Jadwiga SubczyńskaDrifting particles 12—18.6.2020

The exhibition presents a vision of an intelligent substance that multiplies itself, taking control of a post-apocalyptic reality. The biomass spreads in dead reservoirs, the blue depths of water that man has wrought out of life. It often adopts anthropomorphic shapes, rendering human forms ironically. It is intelligent, inter-species matter, the essence of which emerges from the Earth’s core like gel lava.

The objects that go with the video projection create a peculiar ecosystem which, thanks to its sensitive tissue, is constantly changing under the influence of oxygen and light. The plants burning above the dead tank drift into the exhibition space while the smoke distributes the information gathered inside their physical layers. A human can findrefuge in a hut which, illuminated by a screen, reminds us of safety and allows us to palpate and explore the virtual layer of the exhibition. One can look at how the intelligent matter finds its place in the physical world.

Here, water is a metaphor for an empty archive which, although beautiful, has been deprived of a chance to unite fauna and flora. On the screen, we see seductive images of the blue water surface, recorded from a bird’s-eye view. They resemble exotic islands that can be seen without multiplying the carbon footprint of air travel to remote places. These azure reservoirs were built on the site of the former Gosławice lignite pit. This place was intended for the storage of waste from nearby power plants in the late 1970s. The ash and slag began to precipitate chemicals, so the water became highly alkaline. As a result, there is the absence of any organisms inhabiting the lake and a strict ban on swimming in its waters as it may burn the skin. This environment remains sterile due to human industrial activity. Despite this, the paradisal landscape is a frequent destination for Sunday trips of the Wielkopolska residents.

Watching the water from a bird’s-eye view and getting caught up in the hypnotic sequence of turquoise images produces a certain unease. These alarmingly calm waters reveal a lifeless, uninhabited bed. Therefore, digital forms were installed in their depths, which were the result of scanning gelatinous fragments of the human body, additionally encrusted with forest fauna (branches, tree limbs). “Water retains our more anthropomorphic secrets, even when we would rather forget. Our distant and more immediate pasts are returned to us in both trickles and floods.” (Astrida Neimanis, Hydrofeminism: Or, On Becoming a Body of Water, [in:] Undutiful Daughters: Mobilizing Future Concepts, Bodies and Subjectivities in Feminist Thought and Practice, eds. Henriette Gunkel, Chrysanthi Nigianni and Fanny Söderbäck, Palgrave Macmillan, New York 2012).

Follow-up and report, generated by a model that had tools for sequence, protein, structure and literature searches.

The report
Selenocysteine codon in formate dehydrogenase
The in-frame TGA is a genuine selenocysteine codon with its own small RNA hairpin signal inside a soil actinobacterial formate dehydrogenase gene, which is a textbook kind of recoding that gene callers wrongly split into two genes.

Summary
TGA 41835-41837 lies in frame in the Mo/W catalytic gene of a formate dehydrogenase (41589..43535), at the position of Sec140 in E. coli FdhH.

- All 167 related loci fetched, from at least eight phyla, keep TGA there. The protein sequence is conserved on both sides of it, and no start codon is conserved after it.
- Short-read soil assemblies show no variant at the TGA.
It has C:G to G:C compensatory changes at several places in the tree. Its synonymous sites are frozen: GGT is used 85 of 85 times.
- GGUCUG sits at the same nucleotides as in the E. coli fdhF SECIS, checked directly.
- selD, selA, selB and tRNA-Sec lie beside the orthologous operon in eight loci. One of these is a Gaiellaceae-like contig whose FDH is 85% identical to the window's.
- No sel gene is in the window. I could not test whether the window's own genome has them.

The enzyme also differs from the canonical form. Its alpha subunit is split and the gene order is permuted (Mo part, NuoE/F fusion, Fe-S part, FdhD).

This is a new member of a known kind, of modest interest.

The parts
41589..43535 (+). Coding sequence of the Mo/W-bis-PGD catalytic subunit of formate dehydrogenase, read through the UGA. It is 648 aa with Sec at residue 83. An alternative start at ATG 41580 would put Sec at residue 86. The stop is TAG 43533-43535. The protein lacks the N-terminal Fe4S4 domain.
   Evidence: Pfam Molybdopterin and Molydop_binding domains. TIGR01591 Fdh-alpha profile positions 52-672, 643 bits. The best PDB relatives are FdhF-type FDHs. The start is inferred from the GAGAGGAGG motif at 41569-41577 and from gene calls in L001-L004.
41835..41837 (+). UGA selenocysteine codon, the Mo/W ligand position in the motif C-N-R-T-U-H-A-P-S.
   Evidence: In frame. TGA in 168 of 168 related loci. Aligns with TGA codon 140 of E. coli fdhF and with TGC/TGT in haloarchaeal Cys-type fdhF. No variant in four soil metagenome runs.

In the universe of this exhibition, the elementary particles that define the form of material reality are, therefore, considered both as integral elements of the biological code and as digital molecules recycled by technologically advanced meta-perception instruments: lenses, matrices, and algorithms that extend the human cognitive mechanisms. The echoes of the shattered images return in the form of a newly merging tissue, distributed in the physical and virtual space, defining the sum of the experience of a world that may have already gone past its end. Presumably, in all the overrepresentation that exists today, the line between reality and its end has simply become unnoticeable, and what may be a reaffirmation of our existence is merely going outside––towards natural light.

Translation: Katarzyna Szuster-Tardi

Jadwiga Subczyńska (born in 1995)––a graduate of the Photography Department at the University of Arts in Poznań. In her works, she uses a wide range of media, including castings of plant gelatin, 3D holographic installations, art books, and AR videos. The topics she deals with oscillate around the Anthropocene epoch and its new materiality, an extraterrestrial vision of the world, and a return to the roots. In her work, she combines the mystical perception of reality with scientific fantasy and technology. In 2018, she was awarded the ON Award––the main prize of the OFF FESTIVAL of contemporary photography in Bratislava. In the academic year 2016/2017, she studied at the Marmara University in Istanbul.